The line and leader came like this:

This led to a giant cluster-eff of a tangle when I tried to unwind the line.  It took me about 20 minutes to untangle.

I wasn't sure what to use for backing so I put about 25 yards of Big Game Trilene 20# test mono on.  I don't think I'll need backing since there was quite a bit of fly line but just in case I suppose.

Tying line to line sucks.  I tried a nail knot a few times to no avail.  I then looked up a blood knot and, after some silent cursing and several attempts, I pulled off a bastardized version that held when I yanked on both the line and "backing."  I tried to do the same for the leader but couldn't get it to hold and I really didn't wanna break the only leader I have, so I just threaded the line through the guides and headed out to try whipping a few casts....

....  Only to find that it started pouring rain since I was last outside.  So I'll have to wait until at least tomorrow to actually cast with some distance.  I'm really good at casting against the inside of the garage door though.  :)

Here's a picture of the rod/reel and the few flies that came with the package:

(Kinda weird to see a foam handle on a fly rod, huh?)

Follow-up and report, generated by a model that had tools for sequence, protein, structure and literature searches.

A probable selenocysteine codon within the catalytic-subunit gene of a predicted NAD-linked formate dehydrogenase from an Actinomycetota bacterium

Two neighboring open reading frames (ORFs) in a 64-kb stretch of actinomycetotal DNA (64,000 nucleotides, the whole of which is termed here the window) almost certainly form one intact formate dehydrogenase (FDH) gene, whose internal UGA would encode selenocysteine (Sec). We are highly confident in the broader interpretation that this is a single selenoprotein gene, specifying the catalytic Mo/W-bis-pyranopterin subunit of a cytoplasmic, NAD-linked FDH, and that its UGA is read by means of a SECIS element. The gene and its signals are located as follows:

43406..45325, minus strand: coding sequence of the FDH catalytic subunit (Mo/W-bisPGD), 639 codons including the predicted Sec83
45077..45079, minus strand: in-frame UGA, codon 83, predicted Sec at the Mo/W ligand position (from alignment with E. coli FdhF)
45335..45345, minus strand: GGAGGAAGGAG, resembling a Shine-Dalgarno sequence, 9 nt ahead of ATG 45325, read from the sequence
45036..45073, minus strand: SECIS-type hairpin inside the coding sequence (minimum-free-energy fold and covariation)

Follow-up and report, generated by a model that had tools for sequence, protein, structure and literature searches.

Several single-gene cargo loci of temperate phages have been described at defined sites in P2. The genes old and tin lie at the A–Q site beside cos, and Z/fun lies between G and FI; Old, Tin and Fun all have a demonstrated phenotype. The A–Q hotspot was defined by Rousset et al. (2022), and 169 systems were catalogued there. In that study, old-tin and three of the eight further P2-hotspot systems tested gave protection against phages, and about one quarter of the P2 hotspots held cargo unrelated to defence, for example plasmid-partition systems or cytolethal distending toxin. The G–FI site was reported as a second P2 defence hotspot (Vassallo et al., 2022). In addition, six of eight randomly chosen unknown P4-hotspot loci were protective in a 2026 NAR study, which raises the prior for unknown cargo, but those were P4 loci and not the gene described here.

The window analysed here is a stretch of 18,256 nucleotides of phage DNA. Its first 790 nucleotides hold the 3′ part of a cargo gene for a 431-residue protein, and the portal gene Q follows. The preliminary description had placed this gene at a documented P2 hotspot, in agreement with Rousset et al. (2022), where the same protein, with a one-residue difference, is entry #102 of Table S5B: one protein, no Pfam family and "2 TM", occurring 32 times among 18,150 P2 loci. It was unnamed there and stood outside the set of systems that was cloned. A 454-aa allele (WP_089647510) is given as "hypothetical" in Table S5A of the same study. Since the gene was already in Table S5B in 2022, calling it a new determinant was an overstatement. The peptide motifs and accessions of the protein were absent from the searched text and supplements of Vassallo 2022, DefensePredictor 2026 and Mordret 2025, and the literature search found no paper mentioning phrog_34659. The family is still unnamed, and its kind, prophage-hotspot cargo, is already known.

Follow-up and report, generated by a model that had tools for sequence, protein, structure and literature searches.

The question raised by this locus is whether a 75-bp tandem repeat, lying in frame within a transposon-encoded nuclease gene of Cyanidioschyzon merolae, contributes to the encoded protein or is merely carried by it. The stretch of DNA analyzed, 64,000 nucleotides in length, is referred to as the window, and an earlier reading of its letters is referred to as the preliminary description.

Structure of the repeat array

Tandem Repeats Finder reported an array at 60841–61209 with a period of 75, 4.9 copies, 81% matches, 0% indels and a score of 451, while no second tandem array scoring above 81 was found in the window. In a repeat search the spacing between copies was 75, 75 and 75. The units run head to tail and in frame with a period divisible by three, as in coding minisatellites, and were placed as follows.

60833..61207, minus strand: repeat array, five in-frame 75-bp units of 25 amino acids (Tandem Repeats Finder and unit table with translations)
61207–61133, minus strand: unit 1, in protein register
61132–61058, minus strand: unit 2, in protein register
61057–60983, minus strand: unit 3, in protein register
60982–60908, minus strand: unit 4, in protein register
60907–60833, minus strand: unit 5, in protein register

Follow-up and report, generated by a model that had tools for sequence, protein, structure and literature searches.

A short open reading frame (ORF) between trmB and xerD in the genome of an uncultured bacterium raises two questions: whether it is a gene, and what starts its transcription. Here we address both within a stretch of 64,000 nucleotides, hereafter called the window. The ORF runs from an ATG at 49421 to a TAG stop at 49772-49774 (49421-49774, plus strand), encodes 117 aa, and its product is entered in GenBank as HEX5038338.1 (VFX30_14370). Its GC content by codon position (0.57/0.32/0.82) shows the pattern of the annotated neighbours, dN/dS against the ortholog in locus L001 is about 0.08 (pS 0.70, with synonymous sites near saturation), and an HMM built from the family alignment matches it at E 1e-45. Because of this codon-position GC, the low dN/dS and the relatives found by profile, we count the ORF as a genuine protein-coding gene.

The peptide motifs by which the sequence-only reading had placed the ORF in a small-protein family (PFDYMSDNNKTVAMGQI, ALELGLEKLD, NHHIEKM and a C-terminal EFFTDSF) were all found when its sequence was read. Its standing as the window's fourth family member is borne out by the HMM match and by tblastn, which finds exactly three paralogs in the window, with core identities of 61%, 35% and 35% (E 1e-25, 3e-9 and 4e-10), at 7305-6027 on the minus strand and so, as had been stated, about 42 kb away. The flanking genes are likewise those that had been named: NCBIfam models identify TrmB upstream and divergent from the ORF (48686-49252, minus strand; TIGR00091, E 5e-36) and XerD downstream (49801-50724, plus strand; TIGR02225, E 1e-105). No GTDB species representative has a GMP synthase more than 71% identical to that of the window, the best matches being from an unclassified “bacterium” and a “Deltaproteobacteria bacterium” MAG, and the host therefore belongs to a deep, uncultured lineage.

(Sorry thats a little blurry, I was having trouble getting a good focus on those little flies. Ignore the purdy flower wallpaper.)

I have my last final Wednesday so I may be able to get out fishing Friday or Sunday, so hopefully I can get that leader tied on and try it out.  I spent as much time as I could reading blogs and articles on beginning fly fishing but it seems like I just need to get out there and get some experience.

Stay tuned, I'll make sure to share as many of those experiences as I can.

Friday, May 7, 2010

Quick Report - Charter Oak North

Had a slight break between working overtime and classes so I went down the local pond and tried to catch a few fish.  It rained most of the morning so I thought it would be pretty murky and I had a dark crankbait tied on. It ended up being the clearest I've ever seen it there but I figured I'd throw it a couple times anyway.